They saw the unemployment rate going no lower than 8.5 percent to 8.7 percent by the end of 2012, up from the more sanguine 7.8 percent to 8.2 percent range envisioned in June.

Fed officials believe the economy will have reached full employment when the jobless rate drops to between 5.2 percent and 6 percent. In their forecast, the unemployment rate would still be at 6.8 percent to 7.7 percent at the end of 2014. . . .

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Republican House is passing a lot of legislation, not the Democratically controlled Senate

From The Hill newspaper:

How are House deregulation bills piling up in the Senate? According to House Republicans, increasingly like cord wood.

"We've been doing a whole lot over the last 10 months," Rep. Tim Griffin (R-Ark.) said Tuesday night. "Passed a lot of legislation, I think we've had about 800 votes. Unfortunately, a lot of those good ideas are stacking up like cord wood over in the U.S. Senate."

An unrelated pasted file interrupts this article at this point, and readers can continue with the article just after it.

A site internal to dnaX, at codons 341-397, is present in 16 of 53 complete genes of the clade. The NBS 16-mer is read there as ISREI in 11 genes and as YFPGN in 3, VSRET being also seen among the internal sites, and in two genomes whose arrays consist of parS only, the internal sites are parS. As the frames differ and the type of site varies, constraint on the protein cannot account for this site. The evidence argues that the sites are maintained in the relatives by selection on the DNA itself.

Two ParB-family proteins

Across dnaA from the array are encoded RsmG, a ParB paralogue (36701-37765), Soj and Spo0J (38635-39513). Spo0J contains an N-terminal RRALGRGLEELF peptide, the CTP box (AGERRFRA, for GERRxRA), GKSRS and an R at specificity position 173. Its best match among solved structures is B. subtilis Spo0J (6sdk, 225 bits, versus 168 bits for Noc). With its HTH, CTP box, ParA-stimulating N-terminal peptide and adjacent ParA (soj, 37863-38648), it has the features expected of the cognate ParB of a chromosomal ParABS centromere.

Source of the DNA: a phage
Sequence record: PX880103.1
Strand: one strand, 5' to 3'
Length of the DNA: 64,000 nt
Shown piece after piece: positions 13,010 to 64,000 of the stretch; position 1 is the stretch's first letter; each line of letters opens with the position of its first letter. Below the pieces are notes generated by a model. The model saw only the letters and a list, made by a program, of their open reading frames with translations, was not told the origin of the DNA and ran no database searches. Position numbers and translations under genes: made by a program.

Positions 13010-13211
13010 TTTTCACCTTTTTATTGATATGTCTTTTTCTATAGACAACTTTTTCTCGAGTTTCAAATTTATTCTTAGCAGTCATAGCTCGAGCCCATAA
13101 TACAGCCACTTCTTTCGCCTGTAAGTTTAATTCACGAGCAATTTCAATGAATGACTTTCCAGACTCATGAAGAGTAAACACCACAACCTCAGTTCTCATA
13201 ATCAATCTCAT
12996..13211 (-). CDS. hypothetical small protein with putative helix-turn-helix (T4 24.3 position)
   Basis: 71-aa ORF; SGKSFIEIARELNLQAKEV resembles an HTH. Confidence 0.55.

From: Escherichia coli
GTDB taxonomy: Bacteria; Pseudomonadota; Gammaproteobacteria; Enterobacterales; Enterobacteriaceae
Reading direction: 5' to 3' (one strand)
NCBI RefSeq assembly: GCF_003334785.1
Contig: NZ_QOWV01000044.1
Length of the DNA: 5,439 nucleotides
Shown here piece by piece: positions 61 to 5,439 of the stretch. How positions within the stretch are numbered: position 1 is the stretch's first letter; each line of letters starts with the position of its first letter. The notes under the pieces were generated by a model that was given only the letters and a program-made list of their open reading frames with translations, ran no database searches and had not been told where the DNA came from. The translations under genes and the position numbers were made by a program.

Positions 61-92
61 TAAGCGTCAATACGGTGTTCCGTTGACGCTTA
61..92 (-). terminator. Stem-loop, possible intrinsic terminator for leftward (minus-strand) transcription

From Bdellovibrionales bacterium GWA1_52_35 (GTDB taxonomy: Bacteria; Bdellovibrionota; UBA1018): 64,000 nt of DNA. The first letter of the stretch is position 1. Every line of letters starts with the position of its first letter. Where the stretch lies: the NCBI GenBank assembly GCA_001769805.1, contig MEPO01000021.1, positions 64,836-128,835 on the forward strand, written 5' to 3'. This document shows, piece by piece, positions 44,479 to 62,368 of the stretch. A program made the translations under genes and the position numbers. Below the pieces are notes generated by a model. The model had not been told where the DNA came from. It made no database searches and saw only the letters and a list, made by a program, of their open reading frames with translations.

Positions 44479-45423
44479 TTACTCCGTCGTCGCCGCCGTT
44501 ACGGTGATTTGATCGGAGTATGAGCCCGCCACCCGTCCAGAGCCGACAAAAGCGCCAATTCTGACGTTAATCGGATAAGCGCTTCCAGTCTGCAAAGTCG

For the last several weeks, the Republican message has been focused on the "forgotten 15" — the nickname for various House-approved bills that would ease federal regulations and are awaiting Senate action. Republicans seem to have developed the "cord wood" metaphor in September, but took it fully on board in October.

"Mr. President, jobs have been job number one for House Republicans since the beginning of this year," Rep. Jeb Hensarling (R-Texas) said October 13 in response to President Obama's call for Republican jobs bills. "In fact, major portions of the House Republican Plan for America's Job Creators have been stacking up like cord wood on Senator Harry Reid's doorstep for months."

Obama's criticism that Republicans have done nothing to help the unemployment situation is the clear impetus for the oft-repeated phrase, and has prompted the GOP to point out that Senate Democrats have failed to even look at the forgotten 15. . . .